Unseen, an anonymous social networking app for college students, lets people send direct messages that disappear. It features data encryption to protect the sender’s privacy. Unseen reports it encrypts all information so that nothing posted to the public feeds can be tracked back to an individual.
“Unseen was created to help students form meaningful connections based on real interests, and user privacy and anonymity is absolutely integral to that,” Michael Schramm, CEO of Unseen said in a news statement. “We love that students are using the app as a means to meet new people, but publically swapping Snapchat handles undermines anonymity. We knew the only way to build on this exciting dimension of the app without compromising our users’ privacy was to create our own private messaging option within Unseen.”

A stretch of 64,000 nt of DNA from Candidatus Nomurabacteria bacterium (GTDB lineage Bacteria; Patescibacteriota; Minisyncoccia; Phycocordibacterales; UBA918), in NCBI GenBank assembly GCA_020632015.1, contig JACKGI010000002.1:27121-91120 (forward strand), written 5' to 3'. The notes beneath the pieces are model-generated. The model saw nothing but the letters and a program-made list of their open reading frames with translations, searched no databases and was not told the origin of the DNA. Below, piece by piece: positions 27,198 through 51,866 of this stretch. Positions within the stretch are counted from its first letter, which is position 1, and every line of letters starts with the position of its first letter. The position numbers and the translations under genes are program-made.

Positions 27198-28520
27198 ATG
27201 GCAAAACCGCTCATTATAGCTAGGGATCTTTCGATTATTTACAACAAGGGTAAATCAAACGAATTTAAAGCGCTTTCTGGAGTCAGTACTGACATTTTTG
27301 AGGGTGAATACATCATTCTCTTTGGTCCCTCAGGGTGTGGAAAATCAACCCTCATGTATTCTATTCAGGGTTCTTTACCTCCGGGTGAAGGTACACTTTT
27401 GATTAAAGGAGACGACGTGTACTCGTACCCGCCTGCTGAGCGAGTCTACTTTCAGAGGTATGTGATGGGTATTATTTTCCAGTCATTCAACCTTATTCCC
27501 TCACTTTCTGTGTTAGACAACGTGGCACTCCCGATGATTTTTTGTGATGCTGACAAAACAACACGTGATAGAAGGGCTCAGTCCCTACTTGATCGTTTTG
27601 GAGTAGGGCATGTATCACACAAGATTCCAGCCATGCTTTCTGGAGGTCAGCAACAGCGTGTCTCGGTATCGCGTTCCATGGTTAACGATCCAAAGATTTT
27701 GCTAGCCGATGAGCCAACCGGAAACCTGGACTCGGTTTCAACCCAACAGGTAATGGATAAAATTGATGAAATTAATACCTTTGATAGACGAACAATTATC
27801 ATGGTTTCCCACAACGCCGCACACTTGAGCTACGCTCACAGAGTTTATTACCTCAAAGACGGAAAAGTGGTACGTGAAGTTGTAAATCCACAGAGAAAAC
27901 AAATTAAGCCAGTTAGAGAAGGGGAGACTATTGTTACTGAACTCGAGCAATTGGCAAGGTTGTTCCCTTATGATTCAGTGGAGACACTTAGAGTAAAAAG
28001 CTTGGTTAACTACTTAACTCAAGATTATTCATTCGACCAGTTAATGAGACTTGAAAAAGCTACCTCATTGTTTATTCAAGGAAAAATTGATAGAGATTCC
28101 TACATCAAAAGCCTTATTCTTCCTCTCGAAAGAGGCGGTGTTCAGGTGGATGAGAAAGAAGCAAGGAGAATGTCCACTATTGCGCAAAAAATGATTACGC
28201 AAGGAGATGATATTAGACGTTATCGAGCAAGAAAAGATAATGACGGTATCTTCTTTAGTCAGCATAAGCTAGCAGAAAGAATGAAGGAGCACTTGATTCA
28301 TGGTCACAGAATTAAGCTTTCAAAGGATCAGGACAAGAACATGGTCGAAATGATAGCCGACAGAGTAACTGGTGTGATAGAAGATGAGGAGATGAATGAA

Unseen claims that if its messages or images are intercepted by a hacker or other application, its encryption technology makes the messages unreadable.
Initially launched at Texas A&M University in May of 2014, the app is now used on almost 150 college campuses nationwide.